SALT LAKE CITY -- While European countries are bemoaning the lack of children, the United Nations Population Fund (UNFPA) has projected Oct. 31 – Halloween – as the day the 7 billionth baby will be born.
As “ghosts and goblins” knock on neighborhood doors, the U.N. attempts to scare the world into believing the myths of overpopulation. “In particular,” said UNFPA Executive Director Dr. Babatunde Osotimehin, “the population projections underscore the urgent need to provide safe and effective family planning to the 215 million women who lack it.”
Actually, this is a contrived commemoration, as the baby will not actually be born until sometime in March 2012, according to the population projections of the U.S. Census Bureau.
We need to turn out the lights at the U.N. population fund and put that money into productive uses.
–- Steven Mosher, president of the Population Research Institute
More importantly, the serious reality is underpopulation. Most of the developed countries of the world, particularly European countries, are experiencing depopulation.
“We need to turn out the lights at the U.N. population fund and put that money into productive uses,” said Steven Mosher, president of the Population Research Institute (Washington), at a satellite news conference in Moscow last week linking Moscow, London and Washington.
Mosher pointed out that the U.N. Population Fund was set up in 1968 “at the height of the hysteria over overpopulation.”
“The future of humanity passes through the family,” said Mosher. “If you allow the family to dissolve, if you allow the birth rates to go to zero, a country has no future. There are countries that are committing collective suicide.”
I was in Spain two weeks ago, planning for the World Congress of Families to be held in Madrid next May. The organizers are concerned about the low fertility rate and the increasing rate of abortions in Spain and hope that as the conference focuses on the value and importance of children, it will eventually boost the nation’s fertility rate.
In order for a country to maintain its current population, it needs a fertility rate of at least 2.1 births per woman. The fertility rate in Spain is currently 1.4. Three months ago I was in Russia. That country is very concerned about its population decline, with a fertility rate of 1.55.
“We need to educate parents on the need for children,” said Ogla Antonova, head of the Department of Statistics for Population and Healthcare in Russia. Her department conducted a survey and asked, “What would motivate you to have more children?” They received the expected answers of better housing, benefits, material support and good wages. But the answer that surprised them was “a fear to leave a child alone after the death of the parents.”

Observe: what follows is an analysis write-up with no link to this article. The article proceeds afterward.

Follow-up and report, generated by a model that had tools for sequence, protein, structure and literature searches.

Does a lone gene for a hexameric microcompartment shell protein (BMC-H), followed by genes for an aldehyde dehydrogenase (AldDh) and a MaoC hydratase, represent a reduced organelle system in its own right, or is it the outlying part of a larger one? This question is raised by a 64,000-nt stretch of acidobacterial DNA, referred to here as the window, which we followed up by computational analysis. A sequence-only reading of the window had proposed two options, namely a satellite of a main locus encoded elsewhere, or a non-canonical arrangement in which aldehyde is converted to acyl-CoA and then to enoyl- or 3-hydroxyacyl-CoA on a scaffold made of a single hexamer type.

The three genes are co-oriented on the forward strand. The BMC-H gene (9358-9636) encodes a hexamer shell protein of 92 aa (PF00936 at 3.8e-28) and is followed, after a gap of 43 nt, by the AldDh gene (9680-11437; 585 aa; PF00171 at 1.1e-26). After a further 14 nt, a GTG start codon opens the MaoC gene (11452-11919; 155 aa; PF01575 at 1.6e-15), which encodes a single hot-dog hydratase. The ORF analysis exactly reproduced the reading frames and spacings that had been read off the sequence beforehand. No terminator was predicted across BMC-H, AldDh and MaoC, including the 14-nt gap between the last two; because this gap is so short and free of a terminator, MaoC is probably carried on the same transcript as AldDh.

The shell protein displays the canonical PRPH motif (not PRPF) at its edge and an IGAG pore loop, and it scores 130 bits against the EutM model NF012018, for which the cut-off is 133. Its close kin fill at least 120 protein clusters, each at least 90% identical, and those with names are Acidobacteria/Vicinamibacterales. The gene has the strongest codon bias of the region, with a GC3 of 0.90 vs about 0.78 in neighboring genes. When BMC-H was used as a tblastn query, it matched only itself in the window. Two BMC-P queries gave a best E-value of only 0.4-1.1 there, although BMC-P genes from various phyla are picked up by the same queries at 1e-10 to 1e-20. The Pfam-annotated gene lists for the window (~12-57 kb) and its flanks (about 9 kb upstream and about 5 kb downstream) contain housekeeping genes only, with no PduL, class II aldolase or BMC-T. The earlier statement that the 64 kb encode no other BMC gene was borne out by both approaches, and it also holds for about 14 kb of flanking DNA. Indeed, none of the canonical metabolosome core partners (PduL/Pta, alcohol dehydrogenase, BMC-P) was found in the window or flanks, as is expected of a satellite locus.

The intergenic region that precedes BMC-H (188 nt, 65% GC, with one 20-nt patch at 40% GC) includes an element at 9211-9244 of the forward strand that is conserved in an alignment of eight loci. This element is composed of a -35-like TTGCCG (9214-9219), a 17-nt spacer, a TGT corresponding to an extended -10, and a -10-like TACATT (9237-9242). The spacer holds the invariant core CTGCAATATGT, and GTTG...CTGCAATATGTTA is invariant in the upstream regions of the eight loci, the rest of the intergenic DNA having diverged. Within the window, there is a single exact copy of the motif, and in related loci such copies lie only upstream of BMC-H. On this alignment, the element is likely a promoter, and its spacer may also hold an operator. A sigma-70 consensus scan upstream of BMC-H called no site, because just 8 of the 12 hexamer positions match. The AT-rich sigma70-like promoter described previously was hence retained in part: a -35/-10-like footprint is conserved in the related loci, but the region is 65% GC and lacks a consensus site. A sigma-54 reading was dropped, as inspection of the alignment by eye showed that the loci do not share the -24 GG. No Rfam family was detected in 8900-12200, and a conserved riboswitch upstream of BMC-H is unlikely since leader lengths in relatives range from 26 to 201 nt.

"What needs to be done is to convince people that they need to be thinking about their children’s generation, their grandchildren’s generation and into the centuries that follow,” said Anthony Ozimic, the communications director for the Society for the Protection of Unborn Children (U.K.). He quoted Martin Luther King Jr.: “If black people don’t see the needs of their children in the future, they will not have a future. If they sacrifice that future for short-term comforts, then there will be no future for the advancement of their people.”
Ozimic pointed out the concern of government leaders as they see the increasing threat of the tax base being eroded and an inability to provide for pensions, health care and all the needs that government supports in society. Because of the shrinking base of workers (reduced number of children), the revenue base for the support of the older generation and the basic needs of society is also shrinking.
What needs to be done is to convince people that they need to be thinking about their children's generation, their grandchildren's generation and into the centuries that follow.
–- Anthony Ozimic, communications director, Society for the Protection of Unborn Children
Following my recent trip to Russia, I was telling my son (a doctor who delivers babies) about the high rate of abortion in Russia. He responded by saying, “The real question is, why don’t people want to have children?” (See blog “Russia promotes big families.”)
A few weeks later I had the opportunity to visit again with Alexey Komov, the chairman of the recent Moscow Demographic Summit. He said the problem was a “lack of values” (he specifically mentioned religious values). He said the young people are not concerned about the future. This comment was also echoed by Igor Beloborodov, the director of the Demographic Research Institute in Russia.
“It is important to impact the values. It is only through values that is the salvation for humankind,” said Beloborodov. “We need to demand from international institutions, including the United Nations, a family-oriented policy to be pursued. It is only through this we can prevent genuine depopulation.”
Susan Roylance is the International Policy and Social Development Coordinator for the Howard Center for Family, Religion and Society.